Picking plants for The Brooklyn Barge has been a learning experience. Some that we thought would be hardy to withstand the wind, sun and drought-like conditions, didn’t make it, including the Pampas grass, which is pretty tough and equally tough to get rid of in your landscape. We planted in deep long boxes along a fence, figuring it would be a great privacy-screen: the grass grows between 10 to 13 feet tall and has a six-foot wide spread. (Note: if you plant in the landscape they can really take over a garden and the self-sowing seeds can sprout in almost any kind of soil.)
So we were surprised they didn’t make it. We had a lot of wet weather on the East Coast and their roots looked damp and unhappy when we pulled them up. The other beds with Karl Foersters looked great and they survived a tough winter and wet season. They had more direct sun beating down on them. They were planted in tall containers made out of recycled wood. The grasses, which grow 5 to 6 feet tall and 2 to 3 feet wide, work great against the high-industrial walls. We wanted a linear architectural growth pattern. They also make a dramatic statement in a garden or meadow.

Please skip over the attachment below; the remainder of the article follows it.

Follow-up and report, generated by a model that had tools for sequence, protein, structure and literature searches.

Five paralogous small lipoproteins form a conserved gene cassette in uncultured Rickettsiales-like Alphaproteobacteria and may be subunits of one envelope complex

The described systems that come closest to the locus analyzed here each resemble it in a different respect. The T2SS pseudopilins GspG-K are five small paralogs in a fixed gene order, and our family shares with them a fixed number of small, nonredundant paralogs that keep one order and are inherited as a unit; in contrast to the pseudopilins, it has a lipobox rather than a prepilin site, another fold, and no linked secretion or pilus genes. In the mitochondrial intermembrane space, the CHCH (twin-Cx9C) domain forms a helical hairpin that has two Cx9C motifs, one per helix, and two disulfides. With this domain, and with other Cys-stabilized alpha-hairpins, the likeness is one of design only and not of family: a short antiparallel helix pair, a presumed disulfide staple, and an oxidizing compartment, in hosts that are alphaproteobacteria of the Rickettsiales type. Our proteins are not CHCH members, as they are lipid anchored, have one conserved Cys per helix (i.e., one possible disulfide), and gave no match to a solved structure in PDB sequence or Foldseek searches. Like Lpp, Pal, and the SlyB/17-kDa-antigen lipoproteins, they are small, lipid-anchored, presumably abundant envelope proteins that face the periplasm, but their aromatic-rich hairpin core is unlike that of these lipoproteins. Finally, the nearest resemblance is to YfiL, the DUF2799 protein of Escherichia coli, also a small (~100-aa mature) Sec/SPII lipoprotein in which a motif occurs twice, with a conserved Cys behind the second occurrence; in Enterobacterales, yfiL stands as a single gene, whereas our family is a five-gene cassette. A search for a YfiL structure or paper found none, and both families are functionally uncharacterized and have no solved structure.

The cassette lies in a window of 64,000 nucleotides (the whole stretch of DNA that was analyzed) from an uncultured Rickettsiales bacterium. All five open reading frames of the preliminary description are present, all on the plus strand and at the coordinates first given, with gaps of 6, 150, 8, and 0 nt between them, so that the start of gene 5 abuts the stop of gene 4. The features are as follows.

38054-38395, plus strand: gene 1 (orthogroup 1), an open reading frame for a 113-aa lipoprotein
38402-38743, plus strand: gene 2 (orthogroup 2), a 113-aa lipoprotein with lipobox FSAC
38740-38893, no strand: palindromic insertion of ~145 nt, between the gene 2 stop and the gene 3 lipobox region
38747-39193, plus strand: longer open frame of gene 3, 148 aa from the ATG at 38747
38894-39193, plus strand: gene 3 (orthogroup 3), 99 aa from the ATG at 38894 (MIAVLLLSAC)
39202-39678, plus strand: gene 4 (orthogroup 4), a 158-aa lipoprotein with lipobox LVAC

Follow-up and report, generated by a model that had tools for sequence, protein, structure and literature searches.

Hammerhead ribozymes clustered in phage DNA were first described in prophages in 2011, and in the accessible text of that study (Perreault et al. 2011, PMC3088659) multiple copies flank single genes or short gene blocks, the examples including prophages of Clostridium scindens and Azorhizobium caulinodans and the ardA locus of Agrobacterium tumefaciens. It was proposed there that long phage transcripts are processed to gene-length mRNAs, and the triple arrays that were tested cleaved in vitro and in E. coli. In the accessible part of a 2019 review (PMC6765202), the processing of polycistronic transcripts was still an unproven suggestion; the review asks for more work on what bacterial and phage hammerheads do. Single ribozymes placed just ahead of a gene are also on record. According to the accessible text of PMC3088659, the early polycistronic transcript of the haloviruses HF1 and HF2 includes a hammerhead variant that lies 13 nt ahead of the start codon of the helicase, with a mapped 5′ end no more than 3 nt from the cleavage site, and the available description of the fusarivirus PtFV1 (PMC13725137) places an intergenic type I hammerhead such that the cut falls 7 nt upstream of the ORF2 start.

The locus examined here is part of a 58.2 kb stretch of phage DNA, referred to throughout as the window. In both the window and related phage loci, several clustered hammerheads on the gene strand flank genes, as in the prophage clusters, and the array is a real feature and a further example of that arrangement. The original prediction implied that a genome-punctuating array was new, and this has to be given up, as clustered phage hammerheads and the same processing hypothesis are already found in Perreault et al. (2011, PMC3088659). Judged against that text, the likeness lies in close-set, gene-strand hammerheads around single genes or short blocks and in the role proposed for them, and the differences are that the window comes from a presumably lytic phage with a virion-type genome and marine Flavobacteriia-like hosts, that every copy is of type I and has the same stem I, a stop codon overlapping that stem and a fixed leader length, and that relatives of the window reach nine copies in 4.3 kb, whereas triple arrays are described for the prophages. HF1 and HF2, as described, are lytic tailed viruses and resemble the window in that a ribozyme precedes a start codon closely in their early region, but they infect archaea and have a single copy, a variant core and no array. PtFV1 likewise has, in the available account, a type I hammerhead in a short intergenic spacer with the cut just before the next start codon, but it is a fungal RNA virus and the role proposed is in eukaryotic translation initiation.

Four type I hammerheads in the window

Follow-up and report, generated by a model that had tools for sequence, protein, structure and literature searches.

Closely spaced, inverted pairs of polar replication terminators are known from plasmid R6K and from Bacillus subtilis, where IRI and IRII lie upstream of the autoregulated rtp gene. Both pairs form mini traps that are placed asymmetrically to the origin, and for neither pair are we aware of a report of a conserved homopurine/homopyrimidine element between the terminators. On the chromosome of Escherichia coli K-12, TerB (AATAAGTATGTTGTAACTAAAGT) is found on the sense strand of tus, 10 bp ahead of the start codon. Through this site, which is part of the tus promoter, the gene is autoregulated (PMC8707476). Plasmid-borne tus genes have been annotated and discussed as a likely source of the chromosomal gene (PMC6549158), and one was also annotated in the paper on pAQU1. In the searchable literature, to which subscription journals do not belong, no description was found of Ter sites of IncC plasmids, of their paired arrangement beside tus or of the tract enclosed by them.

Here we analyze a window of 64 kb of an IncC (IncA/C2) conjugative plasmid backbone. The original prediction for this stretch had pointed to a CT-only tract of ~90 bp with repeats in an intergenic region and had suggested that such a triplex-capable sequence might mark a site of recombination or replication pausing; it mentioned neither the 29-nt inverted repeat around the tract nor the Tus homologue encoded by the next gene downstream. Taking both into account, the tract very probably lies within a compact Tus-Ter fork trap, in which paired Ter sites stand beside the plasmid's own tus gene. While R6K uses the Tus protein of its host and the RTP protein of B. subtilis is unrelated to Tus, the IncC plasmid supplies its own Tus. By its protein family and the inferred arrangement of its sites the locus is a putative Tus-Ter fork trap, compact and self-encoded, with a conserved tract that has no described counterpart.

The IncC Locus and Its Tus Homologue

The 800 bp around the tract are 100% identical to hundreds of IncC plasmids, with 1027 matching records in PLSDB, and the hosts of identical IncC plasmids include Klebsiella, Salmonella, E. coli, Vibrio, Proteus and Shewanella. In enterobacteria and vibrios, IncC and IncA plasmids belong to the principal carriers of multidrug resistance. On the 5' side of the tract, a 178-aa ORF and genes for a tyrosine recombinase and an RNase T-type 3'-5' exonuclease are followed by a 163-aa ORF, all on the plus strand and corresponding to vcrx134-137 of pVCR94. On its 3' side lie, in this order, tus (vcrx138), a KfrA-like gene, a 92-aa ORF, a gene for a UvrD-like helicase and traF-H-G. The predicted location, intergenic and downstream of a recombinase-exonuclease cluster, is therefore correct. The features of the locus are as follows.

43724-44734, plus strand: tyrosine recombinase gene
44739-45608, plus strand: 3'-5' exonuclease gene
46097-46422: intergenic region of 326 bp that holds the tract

Rising up to about six feet, Feather Reed Grass with its tall elegant feathery blooms is famous for waving in the wind, adding motion to the landscape, even with the slightest breeze.
We also planted lots of perennial salvias (sages) that can take hot and dry conditions and that would bloom all summer long.
As an underpinning of plants to add color we planted Coral Bells (Heuchera). They tend not to like dry, hot soil, but using them as ground cover, along with Hostas, The grasses and salvias provided protection against the sun.
We also planted grapes last year which are bearing fruit now. Next season, we will use a trellis to support the vines. We will probably have to do the same with the hops as they are so much stronger than last year.
We let the plants do their thing and be wild to fit into the gritty and graphite landscape of The Brooklyn Barge.